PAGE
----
The metal source 16 typically provides a metal ion beam of gallium (although other metallic ions can be used, for example indium or aluminum). The source is capable of being focused into a sub-0.1 micron width beam at substrate 24. An electron multiplier 42 used for detecting secondary emission for imaging is connected to a video circuit and amplifier 44, the latter supplying the drive for video monitor 46 also receiving deflection signals from deflection controller and amplifier 38. The evacuated envelope 12 preferably also includes a scanning electron microscope (SEM) 46 that can be used to view the results of operations performed by the focused ion beam, or more preferably, that can perform electron beam processing. SEM 46 includes an electron beam generator 48 and an associated power supply and controls 50.
A gas source 52 is located inwardly of the side of chamber 26 by a translation device 54 adapted for positioning the source 52 via support means within bellows 56. Bellows 56 accommodates movement of the nozzle assembly and reservoir relative to the substrate 24 without affecting the vacuum within chamber 28. Gas source 52 includes a reservoir 58 and a heater 60, which may comprise a membrane type heater and which may be used for raising the temperature of a compound within reservoir 58 to a temperature for providing a suitable vapor pressure in accordance with art recognized practices. A transfer tube or nozzle 62 comprising a capillary tube provided by a hypodermic needle extends from reservoir 58 and is connected thereto via control valve 64 adapted for releasing gaseous vapor. The nozzle is extended and translated in orthogonal directions substantially perpendicular to its axis employing translation apparatus 54, so that gaseous vapor can be aimed directly toward a region on the top surface of substrate 24.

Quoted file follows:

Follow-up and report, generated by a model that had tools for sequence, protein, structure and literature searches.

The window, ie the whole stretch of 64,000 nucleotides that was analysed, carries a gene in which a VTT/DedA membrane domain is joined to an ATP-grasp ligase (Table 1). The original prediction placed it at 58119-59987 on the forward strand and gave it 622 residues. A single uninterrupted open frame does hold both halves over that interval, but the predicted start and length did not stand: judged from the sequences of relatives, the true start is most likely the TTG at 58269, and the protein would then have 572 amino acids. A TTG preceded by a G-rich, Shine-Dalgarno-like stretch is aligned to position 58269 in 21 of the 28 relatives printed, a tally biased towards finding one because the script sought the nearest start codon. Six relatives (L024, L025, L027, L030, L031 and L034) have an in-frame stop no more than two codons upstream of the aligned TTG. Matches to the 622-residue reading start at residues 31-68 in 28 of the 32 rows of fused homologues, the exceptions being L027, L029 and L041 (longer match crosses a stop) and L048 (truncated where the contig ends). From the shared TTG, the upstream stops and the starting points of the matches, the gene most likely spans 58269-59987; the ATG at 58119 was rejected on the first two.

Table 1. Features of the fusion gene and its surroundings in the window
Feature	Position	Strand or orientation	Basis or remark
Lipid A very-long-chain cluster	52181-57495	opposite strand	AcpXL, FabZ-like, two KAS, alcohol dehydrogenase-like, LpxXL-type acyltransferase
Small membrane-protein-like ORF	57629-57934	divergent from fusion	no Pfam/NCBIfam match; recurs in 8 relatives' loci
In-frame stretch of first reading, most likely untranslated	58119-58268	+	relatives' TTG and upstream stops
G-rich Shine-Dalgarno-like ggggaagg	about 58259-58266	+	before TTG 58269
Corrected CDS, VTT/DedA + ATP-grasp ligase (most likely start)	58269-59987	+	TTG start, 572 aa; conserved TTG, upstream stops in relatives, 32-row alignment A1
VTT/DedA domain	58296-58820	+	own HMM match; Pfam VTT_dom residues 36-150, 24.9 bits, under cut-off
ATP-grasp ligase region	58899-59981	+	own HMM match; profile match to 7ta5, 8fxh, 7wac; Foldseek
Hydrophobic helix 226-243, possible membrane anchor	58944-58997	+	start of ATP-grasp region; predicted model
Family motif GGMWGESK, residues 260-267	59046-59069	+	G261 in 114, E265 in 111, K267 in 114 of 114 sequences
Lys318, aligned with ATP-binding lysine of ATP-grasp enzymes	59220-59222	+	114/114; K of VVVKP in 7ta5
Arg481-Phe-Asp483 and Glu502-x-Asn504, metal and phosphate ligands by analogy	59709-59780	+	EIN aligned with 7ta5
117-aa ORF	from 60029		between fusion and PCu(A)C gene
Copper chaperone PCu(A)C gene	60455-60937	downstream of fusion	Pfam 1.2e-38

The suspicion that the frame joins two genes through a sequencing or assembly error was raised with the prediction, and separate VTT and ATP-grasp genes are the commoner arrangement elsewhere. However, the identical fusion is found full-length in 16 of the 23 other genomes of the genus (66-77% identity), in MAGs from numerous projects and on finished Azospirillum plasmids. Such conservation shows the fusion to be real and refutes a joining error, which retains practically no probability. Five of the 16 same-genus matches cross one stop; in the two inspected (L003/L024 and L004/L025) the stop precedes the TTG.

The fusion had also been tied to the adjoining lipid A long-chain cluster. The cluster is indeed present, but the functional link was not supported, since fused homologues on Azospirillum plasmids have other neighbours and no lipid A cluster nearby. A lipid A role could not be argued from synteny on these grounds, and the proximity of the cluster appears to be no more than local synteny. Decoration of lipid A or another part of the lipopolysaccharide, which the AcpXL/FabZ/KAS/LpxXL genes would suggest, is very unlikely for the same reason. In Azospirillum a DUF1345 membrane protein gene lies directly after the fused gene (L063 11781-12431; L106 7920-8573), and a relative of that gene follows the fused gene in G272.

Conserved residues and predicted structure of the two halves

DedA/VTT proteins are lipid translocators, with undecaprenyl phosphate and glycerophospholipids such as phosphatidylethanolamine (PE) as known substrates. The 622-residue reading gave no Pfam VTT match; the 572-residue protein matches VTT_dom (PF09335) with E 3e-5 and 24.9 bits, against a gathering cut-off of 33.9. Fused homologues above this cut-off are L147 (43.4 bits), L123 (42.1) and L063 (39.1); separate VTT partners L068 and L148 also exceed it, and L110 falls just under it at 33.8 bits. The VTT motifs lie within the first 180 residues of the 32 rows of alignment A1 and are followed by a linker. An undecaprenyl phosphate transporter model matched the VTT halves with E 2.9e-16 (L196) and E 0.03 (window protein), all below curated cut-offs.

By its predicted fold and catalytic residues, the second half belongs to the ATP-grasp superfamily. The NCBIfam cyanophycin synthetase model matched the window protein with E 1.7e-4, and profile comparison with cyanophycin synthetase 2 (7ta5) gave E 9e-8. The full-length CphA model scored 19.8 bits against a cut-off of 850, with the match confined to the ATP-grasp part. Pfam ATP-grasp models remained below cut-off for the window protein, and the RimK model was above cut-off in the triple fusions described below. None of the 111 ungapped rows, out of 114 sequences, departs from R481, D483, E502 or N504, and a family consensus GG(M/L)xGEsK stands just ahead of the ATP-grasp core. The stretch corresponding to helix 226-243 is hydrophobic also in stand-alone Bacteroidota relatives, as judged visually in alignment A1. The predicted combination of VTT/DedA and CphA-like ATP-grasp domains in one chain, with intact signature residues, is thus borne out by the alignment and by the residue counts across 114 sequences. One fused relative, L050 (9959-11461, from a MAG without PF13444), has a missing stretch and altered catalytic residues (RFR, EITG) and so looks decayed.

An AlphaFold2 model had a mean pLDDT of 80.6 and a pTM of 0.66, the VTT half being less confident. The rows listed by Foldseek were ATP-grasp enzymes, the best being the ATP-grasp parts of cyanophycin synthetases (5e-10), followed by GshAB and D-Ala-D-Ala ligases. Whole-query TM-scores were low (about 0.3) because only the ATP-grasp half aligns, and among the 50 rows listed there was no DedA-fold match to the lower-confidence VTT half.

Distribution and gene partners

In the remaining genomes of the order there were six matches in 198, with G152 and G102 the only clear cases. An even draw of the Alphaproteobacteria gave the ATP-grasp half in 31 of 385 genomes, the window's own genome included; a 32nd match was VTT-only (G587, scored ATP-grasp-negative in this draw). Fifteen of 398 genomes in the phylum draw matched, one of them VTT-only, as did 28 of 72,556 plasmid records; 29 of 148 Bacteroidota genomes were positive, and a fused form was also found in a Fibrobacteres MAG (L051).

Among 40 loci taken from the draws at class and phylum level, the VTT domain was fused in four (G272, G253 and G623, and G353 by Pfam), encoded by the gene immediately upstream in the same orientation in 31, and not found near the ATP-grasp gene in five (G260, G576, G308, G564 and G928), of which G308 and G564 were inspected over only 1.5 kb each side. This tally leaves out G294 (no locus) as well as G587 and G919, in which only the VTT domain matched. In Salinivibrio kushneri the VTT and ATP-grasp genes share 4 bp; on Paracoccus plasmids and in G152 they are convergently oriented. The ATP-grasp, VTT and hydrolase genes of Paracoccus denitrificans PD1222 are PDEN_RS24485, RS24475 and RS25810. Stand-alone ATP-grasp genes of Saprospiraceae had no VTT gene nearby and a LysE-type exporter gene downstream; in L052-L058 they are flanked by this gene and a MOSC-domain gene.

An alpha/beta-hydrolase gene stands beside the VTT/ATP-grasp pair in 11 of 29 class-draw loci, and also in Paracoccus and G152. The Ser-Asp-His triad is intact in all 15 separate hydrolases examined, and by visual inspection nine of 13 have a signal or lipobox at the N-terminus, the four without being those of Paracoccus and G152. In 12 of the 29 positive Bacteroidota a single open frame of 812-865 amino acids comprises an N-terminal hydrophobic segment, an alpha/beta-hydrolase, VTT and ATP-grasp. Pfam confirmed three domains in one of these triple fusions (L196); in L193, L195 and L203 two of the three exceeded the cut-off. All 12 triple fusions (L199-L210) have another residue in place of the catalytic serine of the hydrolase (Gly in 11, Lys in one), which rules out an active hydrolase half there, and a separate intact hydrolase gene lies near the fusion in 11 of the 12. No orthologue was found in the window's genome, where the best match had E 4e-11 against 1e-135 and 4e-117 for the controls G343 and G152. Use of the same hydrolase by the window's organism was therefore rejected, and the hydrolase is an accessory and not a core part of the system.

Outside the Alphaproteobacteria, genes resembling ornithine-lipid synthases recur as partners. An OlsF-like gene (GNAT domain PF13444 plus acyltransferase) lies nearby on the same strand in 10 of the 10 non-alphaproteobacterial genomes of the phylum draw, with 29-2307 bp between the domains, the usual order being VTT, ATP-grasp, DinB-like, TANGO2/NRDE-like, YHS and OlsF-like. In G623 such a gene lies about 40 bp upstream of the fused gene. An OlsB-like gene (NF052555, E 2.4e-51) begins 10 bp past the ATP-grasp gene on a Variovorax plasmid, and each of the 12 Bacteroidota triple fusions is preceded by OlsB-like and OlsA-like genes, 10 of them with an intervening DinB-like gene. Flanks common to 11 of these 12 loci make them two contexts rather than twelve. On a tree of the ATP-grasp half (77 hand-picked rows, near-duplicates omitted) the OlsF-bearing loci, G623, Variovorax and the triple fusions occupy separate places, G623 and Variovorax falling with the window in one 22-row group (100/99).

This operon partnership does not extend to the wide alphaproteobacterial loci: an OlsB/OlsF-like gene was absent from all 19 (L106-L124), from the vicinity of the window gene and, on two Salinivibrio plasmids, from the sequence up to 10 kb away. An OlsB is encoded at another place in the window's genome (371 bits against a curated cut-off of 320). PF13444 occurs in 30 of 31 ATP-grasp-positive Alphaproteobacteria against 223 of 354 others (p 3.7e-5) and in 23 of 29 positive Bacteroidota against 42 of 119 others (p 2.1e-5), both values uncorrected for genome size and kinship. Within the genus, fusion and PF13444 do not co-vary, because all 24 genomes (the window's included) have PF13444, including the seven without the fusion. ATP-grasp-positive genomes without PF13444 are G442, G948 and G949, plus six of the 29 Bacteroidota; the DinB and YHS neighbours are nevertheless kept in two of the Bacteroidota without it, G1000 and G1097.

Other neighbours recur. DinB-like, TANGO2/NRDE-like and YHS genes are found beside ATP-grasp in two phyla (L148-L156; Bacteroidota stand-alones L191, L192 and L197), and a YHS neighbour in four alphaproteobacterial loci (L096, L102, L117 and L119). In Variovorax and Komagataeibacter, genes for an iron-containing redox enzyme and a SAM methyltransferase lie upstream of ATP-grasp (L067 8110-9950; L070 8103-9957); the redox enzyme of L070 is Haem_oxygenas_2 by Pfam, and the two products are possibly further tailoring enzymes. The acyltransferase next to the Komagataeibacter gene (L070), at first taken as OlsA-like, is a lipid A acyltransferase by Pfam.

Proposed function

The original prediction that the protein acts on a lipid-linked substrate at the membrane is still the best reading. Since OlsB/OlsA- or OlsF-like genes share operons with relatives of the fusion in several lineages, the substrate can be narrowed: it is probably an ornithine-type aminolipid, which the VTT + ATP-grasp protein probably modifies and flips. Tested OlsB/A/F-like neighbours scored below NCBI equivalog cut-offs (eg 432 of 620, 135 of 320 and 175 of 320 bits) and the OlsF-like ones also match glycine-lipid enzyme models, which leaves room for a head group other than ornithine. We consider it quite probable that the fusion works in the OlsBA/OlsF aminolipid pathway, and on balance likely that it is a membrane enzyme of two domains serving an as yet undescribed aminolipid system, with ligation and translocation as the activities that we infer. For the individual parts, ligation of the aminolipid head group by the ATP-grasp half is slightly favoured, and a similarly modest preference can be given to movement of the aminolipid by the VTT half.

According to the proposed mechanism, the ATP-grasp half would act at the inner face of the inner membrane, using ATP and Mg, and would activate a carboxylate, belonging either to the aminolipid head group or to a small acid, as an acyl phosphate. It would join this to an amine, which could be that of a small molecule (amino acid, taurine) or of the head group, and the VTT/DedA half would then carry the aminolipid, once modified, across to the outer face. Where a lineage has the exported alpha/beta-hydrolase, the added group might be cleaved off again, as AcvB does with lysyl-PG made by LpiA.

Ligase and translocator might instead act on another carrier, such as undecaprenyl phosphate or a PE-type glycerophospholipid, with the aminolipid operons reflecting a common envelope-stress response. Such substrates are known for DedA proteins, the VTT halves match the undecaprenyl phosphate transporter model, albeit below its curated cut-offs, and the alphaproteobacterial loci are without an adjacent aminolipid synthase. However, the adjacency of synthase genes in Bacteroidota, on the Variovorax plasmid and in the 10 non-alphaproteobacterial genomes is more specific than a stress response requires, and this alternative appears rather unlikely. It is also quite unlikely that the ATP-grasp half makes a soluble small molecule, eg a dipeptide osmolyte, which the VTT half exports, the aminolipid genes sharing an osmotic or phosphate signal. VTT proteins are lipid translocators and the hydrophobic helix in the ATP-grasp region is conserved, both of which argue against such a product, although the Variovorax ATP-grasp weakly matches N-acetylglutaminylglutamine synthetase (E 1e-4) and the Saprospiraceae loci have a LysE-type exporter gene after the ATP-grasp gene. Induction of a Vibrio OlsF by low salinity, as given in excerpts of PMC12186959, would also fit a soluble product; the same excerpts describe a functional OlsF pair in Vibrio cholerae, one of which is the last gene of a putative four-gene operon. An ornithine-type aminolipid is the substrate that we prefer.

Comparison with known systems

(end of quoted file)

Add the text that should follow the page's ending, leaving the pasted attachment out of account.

A door 66 is opened for inserting substrate 24 onto stage 26 which may be heated, and also for servicing the reservoir 58. The door is interlocked so that it cannot be opened if the temperature in reservoir 58 is substantially above room temperature. A gate valve, schematically illustrated at 68, is closed before door 66 can be opened to seal off the ion source and focusing column apparatus. Bellows 52 accommodates movement of the nozzle assembly and reservoir relative to the sample without affecting the vacuum within chamber 26.
The vacuum control system along with the heater of gaseous vapor source 46 are operated to provide an appropriate vapor pressure condition for establishing a gaseous vapor flux in chamber that is directed toward substrate 24 for selective etching. To establish a given gaseous flux, the reservoir 58 is heated to a predetermined temperature as is known by those skilled in the art.
The high voltage power supply 36 provides an appropriate acceleration voltage to electrodes in ion beam focusing column 18 for energizing and focusing ion beam 20. When the ion beam 20 strikes the substrate 24 having condensed gaseous vapor adhered thereupon, the ion beam 20 provides energy for initiating a reaction between the etch-enhancing gaseous compound and the substrate as well as for sputter etching selected areas of the substrate. Deflection controller and amplifier 38 causes the ion beam 20 to be deflected in a desired pattern wherein deflection of the ion beam 20 is at a rate slow enough for etching substrate 24. Considerations regarding deflection speed, loop time, etc. are well within the skill of those in the art.